I have heard all kinds of speculation. Maybe he wrote down the laws of Moses showing them he knew them as well if not better than they did.

Or maybe he listed the laws that they had broken themselves, or worse yet, the sins they had committed, one by one, accuser by accuser.

In ambiguous stories like this one, the preacher/interpreter often projects what they would do or what they would love to do in Jesus’ shoes. In my mind, I think Jesus doodled. I think he scribbled. The word here katagraphen means merely “wrote.” Same root, -graph that we still use today in autograph, telegraph, phonograph, etc. But I think Jesus doodled.

The accusers were in their rights. No one argued the woman’s guilt. It takes three witnesses by Mosaic law to accuse someone of this crime, and the woman shamed beyond salvation was lying naked in the dirt, the same dirt Jesus wrote on, or scribbled in.

I think Jesus scribbled whatever he scribbled as to diffuse the situation. People came in ready to stone someone, him or her. They wanted something they could accuse Jesus of, and denying or flaunting the Law of Moses would certainly be something to hang him with. And yet, here he is, bending down and scribbling.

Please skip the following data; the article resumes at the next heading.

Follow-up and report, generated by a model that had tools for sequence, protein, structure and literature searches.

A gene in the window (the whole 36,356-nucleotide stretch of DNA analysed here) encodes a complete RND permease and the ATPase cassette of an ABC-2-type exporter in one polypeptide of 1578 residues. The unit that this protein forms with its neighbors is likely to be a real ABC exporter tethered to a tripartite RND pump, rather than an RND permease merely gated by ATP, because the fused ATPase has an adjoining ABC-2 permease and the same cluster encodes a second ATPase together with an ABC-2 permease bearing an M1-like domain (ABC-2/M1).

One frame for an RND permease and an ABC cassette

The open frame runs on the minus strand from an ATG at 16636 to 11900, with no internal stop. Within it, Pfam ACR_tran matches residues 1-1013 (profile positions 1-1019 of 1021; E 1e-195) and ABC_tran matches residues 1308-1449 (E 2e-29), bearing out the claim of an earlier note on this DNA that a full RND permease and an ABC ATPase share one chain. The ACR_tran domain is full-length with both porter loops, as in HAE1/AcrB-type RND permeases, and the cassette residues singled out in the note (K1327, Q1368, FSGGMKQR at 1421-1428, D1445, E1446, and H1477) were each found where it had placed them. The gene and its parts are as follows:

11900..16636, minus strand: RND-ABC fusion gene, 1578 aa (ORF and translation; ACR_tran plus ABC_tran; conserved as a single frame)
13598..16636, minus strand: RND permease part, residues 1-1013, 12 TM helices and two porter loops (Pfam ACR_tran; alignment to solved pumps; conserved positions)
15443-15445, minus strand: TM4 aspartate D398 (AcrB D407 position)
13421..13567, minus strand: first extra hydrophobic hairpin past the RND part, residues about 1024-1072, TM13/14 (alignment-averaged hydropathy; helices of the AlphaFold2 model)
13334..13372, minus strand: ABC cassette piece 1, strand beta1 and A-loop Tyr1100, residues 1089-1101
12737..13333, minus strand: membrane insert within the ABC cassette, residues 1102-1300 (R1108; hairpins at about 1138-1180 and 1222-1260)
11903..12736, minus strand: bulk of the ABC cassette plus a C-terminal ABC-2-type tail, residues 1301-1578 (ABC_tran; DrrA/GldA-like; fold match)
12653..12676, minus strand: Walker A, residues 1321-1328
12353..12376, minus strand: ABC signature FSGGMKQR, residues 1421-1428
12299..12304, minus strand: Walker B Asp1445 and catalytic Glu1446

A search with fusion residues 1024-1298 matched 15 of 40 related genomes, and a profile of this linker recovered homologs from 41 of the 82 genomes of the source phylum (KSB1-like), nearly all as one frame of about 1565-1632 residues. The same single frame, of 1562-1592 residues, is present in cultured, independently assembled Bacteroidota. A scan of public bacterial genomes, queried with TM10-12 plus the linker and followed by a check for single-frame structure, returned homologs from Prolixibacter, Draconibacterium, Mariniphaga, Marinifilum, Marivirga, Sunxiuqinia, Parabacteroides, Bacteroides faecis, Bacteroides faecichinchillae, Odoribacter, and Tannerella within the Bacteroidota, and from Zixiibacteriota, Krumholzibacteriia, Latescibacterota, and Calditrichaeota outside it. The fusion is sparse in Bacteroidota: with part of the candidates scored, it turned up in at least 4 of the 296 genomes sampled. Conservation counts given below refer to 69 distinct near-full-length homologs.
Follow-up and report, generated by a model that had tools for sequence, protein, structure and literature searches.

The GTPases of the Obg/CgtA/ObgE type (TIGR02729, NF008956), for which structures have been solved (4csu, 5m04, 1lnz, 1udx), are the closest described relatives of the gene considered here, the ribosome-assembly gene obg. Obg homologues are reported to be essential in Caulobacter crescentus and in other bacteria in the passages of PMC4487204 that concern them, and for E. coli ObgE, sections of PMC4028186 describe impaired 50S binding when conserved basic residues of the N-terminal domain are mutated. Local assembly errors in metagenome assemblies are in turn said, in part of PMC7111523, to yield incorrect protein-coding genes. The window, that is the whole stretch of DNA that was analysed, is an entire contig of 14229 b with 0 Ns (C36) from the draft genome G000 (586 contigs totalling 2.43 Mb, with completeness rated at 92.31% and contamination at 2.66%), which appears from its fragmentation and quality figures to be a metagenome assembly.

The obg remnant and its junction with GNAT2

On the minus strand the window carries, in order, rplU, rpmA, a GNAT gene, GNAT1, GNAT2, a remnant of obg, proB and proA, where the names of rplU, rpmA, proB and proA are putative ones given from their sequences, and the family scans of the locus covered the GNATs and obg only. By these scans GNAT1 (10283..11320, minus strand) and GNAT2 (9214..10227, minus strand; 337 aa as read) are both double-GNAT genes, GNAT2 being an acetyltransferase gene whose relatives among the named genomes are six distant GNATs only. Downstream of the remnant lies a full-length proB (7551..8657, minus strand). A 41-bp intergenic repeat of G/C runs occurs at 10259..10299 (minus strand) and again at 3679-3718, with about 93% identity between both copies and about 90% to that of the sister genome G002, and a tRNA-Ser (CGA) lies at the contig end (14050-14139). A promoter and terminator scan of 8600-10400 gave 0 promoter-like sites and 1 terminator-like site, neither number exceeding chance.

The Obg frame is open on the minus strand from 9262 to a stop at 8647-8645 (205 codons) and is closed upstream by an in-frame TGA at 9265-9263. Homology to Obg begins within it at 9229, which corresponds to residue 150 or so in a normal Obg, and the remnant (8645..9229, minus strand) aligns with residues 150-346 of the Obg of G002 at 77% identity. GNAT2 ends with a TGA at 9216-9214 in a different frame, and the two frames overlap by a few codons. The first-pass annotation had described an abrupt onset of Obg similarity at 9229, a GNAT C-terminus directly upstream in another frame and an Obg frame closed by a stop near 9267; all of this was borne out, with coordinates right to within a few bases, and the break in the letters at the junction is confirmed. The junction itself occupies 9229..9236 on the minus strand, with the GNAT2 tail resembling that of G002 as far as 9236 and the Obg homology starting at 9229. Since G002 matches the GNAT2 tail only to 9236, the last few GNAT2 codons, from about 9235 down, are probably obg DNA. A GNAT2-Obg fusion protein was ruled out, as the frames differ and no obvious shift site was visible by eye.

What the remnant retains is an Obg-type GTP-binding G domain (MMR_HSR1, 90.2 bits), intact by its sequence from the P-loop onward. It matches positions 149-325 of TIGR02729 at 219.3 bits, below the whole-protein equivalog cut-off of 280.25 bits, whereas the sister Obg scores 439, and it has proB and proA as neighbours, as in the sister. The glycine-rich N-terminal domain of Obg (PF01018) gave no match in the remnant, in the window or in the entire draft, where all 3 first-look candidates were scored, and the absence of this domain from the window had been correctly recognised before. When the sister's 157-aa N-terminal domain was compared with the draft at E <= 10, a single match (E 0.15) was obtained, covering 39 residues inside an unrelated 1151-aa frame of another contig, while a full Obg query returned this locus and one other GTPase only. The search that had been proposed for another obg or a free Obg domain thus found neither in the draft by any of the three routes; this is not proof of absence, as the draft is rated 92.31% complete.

Wow! Think of how that would have burnt the biscuits of those who were out for blood. What if every single one of us, especially when ours or someone else’s blood is boiling, took the time to scribble? To deflect, to divert attention, to calm down. What if each of us took a moment to envision Grace and how to be Grace-filled in this escalating situation? My, what a different world we would have. I think that is what Jesus did.

And in that moment, while the drive to kill was slowed down Jesus could deliver one of the most poignant statements he would make, for his day, or for ours. “Let anyone among you who is without sin be the first to throw a stone at her.”